The Wealth of Nations

Who’s wealthier, a Maasai elder or your average American?

A few years ago, my wife and I enjoyed a marvelous hike through the bush of Tanzania while on safari. After camping in the village of Nainokanoka, we set off early with Moloton, our Maasai guide, and we walked amongst the buffalo, gazelles, wildebeest, and zebra on our way to a campsite at Empakaai, a gorgeous crater lake that legions of flamingos call home.


It was positively Edenic … I still can’t believe my wife did it while pregnant …

Since this was a long hike, I had lots of time to get lost in thought. And I kept pondering the question at the top of this page.

I’m sure this is an oversimplification but consider the following: these Maasai lived in houses they built for themselves on land for which they pay no rent (as far as I know). They tend to their livestock, which nourish them, and which may be sold for cash / bartered for other goods.

Also, they’re (semi-)nomadic. If things go south, they can pick up stakes and search for a new place to live — cattle, goats, sheep, and chickens in tow.

Moreover, I can’t speak for him or about his aspirations, but Moloton didn’t seem to need much to get by. Sure, he had a mobile phone and wore a jacket under his shúkà, but when we offered him water throughout the day, or some of our gristly chicken legs to snack on during lunch, he always declined. Even on the strenuous uphill climbs. He said he’d had some milk in the morning and was used to walking / running 40+ km a day without the extra calories.

But then, maybe he just didn’t like the look of our chicken legs.

When our safari guide, Innocent, drove us back to Nainokanoka to drop off Moloton, I asked how much these cattle and goats could be sold for in the market. Moloton and Innocent had a back-and-forth for some time, but as I recall the cattle sold for ~$500 per head, and the goats were worth 10% of a cow.

Now, the elders of the villages we passed had at least 100 cattle and three times as many goats. Some own upwards of 1,000 cattle and thousands of goats. These are proper franchises.

Again, these are assets that produce food and regenerate themselves — they literally compound themselves over time.

So how much wealth did this represent?

Let’s do the math.

The elders we passed on our hike owned assets that could be converted to cash for at least $65,000. This ignores the sheep and the chickens, whose wool and eggs and meat could be bartered away or sold.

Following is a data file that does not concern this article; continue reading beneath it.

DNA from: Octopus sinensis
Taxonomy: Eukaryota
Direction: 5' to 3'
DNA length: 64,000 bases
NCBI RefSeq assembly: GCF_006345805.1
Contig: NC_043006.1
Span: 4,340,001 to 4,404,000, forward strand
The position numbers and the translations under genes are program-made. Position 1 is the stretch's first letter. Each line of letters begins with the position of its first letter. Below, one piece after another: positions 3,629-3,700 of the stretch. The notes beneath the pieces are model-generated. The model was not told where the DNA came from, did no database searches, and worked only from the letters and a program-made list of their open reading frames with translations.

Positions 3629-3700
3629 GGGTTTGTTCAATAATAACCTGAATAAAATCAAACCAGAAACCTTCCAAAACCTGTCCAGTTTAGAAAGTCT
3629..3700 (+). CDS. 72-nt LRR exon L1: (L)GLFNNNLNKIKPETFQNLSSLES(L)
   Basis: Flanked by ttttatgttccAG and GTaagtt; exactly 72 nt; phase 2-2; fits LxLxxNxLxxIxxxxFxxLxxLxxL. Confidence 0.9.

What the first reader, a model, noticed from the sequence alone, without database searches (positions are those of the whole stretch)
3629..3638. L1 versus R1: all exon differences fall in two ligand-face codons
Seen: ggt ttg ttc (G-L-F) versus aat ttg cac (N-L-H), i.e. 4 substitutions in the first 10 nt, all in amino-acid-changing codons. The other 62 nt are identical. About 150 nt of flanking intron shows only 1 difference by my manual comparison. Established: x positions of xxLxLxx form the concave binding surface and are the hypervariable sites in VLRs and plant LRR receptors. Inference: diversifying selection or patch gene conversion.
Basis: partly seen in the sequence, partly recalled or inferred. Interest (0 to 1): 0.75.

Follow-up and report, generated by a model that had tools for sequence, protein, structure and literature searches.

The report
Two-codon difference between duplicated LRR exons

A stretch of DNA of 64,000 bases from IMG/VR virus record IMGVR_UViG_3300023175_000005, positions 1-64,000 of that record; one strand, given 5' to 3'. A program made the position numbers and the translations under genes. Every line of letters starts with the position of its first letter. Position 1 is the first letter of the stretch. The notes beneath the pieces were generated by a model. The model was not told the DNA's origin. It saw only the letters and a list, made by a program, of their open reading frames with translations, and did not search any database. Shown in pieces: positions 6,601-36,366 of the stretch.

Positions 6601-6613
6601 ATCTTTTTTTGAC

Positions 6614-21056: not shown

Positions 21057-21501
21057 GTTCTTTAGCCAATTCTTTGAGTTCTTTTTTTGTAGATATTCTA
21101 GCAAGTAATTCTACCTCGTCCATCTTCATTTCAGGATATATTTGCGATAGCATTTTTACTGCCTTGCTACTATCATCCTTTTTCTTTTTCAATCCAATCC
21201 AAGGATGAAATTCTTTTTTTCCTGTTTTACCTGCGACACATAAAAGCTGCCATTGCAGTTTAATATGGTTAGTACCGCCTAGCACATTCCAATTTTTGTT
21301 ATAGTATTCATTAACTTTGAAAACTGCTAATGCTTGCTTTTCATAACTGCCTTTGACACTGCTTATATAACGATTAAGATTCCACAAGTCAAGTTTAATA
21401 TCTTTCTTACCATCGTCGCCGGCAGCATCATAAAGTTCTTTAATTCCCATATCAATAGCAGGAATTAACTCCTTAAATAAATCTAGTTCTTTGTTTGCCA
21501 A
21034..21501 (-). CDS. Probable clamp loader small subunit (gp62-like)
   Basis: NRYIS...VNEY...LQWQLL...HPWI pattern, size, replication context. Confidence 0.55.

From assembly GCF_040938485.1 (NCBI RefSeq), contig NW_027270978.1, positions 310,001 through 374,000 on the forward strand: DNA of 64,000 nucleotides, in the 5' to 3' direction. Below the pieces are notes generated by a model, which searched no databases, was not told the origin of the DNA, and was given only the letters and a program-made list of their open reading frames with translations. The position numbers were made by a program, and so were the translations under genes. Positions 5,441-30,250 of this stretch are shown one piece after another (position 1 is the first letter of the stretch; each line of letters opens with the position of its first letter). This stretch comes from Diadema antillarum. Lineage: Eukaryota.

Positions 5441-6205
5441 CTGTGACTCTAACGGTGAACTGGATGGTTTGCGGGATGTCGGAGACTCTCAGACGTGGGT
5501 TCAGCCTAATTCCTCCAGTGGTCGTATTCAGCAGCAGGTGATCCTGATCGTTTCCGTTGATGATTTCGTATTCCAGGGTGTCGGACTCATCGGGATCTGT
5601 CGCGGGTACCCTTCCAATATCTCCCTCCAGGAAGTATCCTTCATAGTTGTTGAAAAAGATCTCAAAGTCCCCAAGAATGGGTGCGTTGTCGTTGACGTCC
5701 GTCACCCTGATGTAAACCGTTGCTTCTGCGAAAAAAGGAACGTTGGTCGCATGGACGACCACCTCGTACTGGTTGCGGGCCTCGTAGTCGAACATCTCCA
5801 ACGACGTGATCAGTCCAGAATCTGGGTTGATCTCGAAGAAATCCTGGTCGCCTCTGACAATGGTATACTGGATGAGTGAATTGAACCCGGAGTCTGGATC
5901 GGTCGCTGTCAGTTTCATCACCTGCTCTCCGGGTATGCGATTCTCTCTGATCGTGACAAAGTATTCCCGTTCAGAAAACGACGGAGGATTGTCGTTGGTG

The Maasai elders’ liabilities (as far as I know) are approximately $0.

For example, only 5.4% of American families in the middle quintile of incomes own a pooled investment fund (e.g., mutual funds, ETFs, etc.; see below). The most broadly owned income-generating assets are retirement accounts, but the median values for the bottom four income quintiles are woefully inadequate to the task of future expenses.


Of course, the United States prides itself on being a nation of homeowners. Almost two-thirds of families in the middle quintile of incomes own their primary residence, with a median value of $150,000.

These are assets, but they’re not liquid and there are many frictions when converting them to cash: long and expensive sales process, finding a new place to live, finding a new school / daycare for your kid(s), lugging your belongings to your new residence, registering with the DMV, etc. etc. etc.

They’re also liabilities. For example, the Fed data show 41.9% of Americans held mortgages or home-secured debt — a figure that seems low — with a conditional median value of $111,000.

More generally, 77.1% of households owed debt in 2016, with a conditional median value of $59,800. The median debt-to-income ratio is 95.1.

So, where does this leave us? Let’s take a look:


My assumptions get us to a place where the Maasai elder has nearly $18,000 more wealth than your average American.

And like, I think this is a way more favorable view of the average American’s balance sheet than is warranted — remember how 40% of Americans don’t have $400 to cover an emergency expense?

But maybe you feel differently. Maybe, you say, money isn’t the fount of wealth: health is, or happiness, or friends, or discretionary time.

My question to you would be: who has more of those? Your average American?

Consider the following:


Who do you think is wealthier?

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